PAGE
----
Rewriting History: Three Game Endings That Changed

BioWare has been taking a lot of flak over Mass Effect 3's ending (Kotaku called it "damn terrible" and there's even a "Retake Mass Effect" charity campaign that has raised $53,000 to date), with many gamers calling for it to be rewritten so that they can feel better about the hundreds of hours they've invested in the trilogy. That concept has prompted GameSpy to pen this piece that profiles three cases (including Fallout 3 and Star Wars: KotOR II) in which the developers or the fans altered a game's ending to provide more satisfaction for its playerbase. A sampling:
When I first played Fallout 3's ending, I was infuriated. There I was, faced with a classic no-win situation ripped from Star Trek II: The Wrath of Khan: for the greater good, someone would have to walk into a room and push a button that, along with saving the world, would flood the room with lethal radiation. I had to decide whether to nobly sacrifice my own life, or send in Sarah Lyons to take the heat like a coward. The problem? There was a giant radiation-proof Supermutant companion, Fawkes, standing right there who could've strolled in, pushed the button, and come out smelling...well, still pretty terrible, but no worse than when he went in. When I asked him to exploit this obvious loophole in the no-win scenario, he simply refused, saying this was a decision that I must make. Just like that the ending went from a noble sacrifice to effectively being murdered by my own companion's inaction.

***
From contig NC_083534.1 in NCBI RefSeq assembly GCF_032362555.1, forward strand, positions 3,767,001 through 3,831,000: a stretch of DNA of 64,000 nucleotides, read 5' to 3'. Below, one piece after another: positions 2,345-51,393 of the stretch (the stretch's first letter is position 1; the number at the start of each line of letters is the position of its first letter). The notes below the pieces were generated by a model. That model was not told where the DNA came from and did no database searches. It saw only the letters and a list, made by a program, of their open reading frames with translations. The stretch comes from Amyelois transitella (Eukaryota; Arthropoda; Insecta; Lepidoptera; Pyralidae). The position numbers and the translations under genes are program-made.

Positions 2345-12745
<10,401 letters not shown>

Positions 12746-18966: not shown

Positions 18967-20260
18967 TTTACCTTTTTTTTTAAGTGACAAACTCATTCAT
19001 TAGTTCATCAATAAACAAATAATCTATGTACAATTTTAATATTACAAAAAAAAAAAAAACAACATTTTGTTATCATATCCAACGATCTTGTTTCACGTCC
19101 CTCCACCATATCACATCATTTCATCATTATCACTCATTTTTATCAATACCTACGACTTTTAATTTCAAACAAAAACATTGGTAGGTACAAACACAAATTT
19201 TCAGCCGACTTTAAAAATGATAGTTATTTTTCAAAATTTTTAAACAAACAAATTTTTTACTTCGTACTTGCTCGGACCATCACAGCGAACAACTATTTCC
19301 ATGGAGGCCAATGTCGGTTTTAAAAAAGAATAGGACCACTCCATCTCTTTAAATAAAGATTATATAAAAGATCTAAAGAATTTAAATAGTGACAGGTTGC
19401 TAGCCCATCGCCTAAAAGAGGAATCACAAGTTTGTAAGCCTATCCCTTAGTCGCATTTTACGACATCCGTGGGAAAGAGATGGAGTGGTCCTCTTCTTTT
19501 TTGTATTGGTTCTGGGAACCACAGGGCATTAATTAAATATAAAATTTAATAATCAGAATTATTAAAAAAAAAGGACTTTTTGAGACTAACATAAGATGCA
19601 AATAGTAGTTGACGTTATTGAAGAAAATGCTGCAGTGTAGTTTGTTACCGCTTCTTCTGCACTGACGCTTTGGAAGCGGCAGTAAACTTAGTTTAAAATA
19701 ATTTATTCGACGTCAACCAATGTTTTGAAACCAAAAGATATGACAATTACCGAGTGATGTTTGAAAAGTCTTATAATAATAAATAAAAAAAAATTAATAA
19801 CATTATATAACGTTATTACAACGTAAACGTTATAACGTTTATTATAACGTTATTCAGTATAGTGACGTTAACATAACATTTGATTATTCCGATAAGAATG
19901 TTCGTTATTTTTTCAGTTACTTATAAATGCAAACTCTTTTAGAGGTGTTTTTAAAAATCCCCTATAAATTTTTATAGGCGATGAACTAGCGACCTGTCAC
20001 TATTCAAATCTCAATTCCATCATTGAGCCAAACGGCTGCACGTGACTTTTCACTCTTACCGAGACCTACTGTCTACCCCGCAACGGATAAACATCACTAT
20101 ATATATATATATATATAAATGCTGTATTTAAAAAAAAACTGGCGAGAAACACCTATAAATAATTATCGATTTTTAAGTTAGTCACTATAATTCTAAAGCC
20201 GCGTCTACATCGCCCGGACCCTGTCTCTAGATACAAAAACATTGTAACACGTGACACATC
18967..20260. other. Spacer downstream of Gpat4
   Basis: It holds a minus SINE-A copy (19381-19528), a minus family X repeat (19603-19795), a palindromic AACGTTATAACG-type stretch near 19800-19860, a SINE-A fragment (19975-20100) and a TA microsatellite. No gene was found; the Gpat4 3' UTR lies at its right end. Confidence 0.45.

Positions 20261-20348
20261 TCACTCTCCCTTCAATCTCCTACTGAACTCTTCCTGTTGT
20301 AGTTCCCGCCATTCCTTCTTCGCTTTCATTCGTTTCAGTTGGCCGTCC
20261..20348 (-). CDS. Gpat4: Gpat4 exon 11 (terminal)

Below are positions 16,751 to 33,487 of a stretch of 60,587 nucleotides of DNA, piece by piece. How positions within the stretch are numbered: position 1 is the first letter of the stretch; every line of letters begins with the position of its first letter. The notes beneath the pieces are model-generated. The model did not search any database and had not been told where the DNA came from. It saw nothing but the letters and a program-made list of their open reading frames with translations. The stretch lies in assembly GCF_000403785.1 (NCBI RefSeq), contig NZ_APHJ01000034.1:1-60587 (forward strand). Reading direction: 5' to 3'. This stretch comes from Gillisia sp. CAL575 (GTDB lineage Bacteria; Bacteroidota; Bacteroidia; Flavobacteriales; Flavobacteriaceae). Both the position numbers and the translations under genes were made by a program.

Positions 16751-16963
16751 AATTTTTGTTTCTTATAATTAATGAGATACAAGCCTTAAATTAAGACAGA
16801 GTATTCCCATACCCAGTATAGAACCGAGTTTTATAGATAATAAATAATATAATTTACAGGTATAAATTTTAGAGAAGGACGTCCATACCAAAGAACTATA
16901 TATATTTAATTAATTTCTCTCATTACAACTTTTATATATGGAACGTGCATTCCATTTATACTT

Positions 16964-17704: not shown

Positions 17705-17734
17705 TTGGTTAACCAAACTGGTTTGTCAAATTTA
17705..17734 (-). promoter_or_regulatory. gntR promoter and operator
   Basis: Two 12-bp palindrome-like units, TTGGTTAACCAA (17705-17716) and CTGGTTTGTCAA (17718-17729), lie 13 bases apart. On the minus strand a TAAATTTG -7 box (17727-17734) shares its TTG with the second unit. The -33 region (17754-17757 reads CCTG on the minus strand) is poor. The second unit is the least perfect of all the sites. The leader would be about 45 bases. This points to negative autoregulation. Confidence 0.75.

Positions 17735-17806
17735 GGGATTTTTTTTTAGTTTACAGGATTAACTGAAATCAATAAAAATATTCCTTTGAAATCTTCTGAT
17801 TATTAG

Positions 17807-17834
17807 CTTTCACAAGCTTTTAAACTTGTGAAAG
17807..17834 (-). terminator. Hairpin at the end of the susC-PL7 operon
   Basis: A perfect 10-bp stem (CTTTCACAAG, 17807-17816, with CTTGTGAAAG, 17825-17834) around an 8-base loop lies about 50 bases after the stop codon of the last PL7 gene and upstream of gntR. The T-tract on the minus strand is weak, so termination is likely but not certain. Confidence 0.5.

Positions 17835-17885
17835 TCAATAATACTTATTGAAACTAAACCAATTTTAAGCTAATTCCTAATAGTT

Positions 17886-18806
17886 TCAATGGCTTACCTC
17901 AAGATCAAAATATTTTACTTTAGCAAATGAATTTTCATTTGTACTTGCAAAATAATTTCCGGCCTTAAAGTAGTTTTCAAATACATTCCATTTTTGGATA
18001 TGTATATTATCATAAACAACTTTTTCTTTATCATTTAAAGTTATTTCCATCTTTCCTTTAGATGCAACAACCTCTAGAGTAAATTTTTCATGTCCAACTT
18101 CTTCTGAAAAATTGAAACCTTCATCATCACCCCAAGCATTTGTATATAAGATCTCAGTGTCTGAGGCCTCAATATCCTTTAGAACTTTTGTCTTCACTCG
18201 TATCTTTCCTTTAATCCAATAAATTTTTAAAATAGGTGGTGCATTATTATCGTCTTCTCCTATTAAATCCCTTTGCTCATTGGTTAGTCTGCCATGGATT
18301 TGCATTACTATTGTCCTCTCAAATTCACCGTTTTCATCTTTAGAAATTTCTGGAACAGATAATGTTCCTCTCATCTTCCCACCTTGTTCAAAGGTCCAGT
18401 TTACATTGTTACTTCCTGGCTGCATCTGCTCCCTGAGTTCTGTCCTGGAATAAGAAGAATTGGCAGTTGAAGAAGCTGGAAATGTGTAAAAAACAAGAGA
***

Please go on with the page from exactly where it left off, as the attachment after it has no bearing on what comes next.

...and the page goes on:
Bethesda, for whatever reason, didn't think this was a problem before release, but after being chastised by reviewers and fans alike a decision was made to retroactively change it in the Broken Steel DLC. Not only was the ending changed so that if you or Lyons had pushed the button, you'd wake up good as new and ready to go on post-ending adventures, but Fawkes (and Charon, the equally radiation-resistant ghoul companion) would now agree to your very reasonable request to push the freaking button.